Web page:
INTRODUCTION: The most common infections in childhood and adolescence are the upper respiratory tract and urinary tract infections. Tooth decay is a multifactorial and infectious disease resulting from bacteria multiplying within the mouth and settling on the teeth and gums. The purpose of this study was to investigate whether any relationship exists between tooth decay and urinary tract infections.
METHODS: This study was performed between January and June 2017 at the xx University School of Medicine Department of Pediatrics. One hundred forty-one cases were included. Patients age, sex, tooth brushing habits, hematological, biochemical and serological tests, complete urine examination, urine culture, blood culture, urinary system ultrasonography parameters, and numbers of decayed teeth were separately recorded.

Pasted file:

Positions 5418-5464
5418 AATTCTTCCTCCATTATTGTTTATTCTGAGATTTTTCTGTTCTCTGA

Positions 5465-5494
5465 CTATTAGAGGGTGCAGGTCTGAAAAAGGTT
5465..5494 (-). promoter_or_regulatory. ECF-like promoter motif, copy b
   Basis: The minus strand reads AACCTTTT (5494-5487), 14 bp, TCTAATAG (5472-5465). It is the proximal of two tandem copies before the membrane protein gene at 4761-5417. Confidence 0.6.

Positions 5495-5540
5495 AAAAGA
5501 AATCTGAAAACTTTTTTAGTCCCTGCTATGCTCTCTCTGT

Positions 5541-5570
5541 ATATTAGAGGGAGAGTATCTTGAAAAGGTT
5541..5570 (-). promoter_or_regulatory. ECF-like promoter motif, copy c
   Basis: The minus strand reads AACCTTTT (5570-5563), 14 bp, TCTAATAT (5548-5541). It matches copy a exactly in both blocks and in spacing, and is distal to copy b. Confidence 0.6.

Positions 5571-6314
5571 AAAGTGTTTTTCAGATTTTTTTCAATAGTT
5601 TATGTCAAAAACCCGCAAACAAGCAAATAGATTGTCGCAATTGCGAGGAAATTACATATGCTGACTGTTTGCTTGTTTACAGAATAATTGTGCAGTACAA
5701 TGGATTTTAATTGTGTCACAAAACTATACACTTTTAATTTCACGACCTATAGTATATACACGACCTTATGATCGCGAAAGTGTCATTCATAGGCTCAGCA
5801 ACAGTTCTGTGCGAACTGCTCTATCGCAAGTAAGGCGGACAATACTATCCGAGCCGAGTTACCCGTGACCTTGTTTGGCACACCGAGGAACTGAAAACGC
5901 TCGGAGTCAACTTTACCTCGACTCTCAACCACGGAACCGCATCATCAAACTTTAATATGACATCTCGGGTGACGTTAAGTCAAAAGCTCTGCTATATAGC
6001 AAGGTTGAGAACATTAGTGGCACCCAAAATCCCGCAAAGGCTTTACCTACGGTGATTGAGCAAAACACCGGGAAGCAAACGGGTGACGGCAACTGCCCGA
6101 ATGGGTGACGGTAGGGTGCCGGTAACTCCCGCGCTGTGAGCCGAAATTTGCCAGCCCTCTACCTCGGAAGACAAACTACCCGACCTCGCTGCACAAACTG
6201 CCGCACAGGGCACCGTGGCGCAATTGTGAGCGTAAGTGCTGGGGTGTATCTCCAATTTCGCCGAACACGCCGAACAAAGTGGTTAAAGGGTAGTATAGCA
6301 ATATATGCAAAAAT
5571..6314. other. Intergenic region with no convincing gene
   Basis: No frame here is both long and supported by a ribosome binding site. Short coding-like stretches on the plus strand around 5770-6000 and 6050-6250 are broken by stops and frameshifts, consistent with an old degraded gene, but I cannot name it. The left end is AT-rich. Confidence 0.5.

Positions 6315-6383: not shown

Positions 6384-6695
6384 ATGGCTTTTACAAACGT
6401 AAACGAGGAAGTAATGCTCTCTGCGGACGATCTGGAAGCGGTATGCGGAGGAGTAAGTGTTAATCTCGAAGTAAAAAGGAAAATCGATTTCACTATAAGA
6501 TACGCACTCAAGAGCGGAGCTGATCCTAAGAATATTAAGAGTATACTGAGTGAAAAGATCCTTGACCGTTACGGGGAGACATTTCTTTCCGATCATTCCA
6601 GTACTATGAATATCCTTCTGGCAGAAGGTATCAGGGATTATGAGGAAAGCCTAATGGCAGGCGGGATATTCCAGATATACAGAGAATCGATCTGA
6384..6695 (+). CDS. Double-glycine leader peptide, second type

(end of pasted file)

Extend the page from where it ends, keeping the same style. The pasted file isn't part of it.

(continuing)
RESULTS: Comparison of the cystitis and pyelonephritis groups revealed significantly greater tooth decay in the pyelonephritis group. Escherichia coli was the most common agent in all groups. Positive acute phase reactants such as WBC, CRP, and ESH were high in the group with tooth decay and pyelonephritis, while RBC, Hct, albumin, amylase, calcium, chloride, iron and phosphorus levels were low.
DISCUSSION AND CONCLUSION: Our study shows a positive association between pyelonephritis and tooth decay. We think that examination in terms of tooth decay among children undergoing pyelonephritis attacks will be beneficial to diagnosis and treatment. Further studies are now needed on this subject.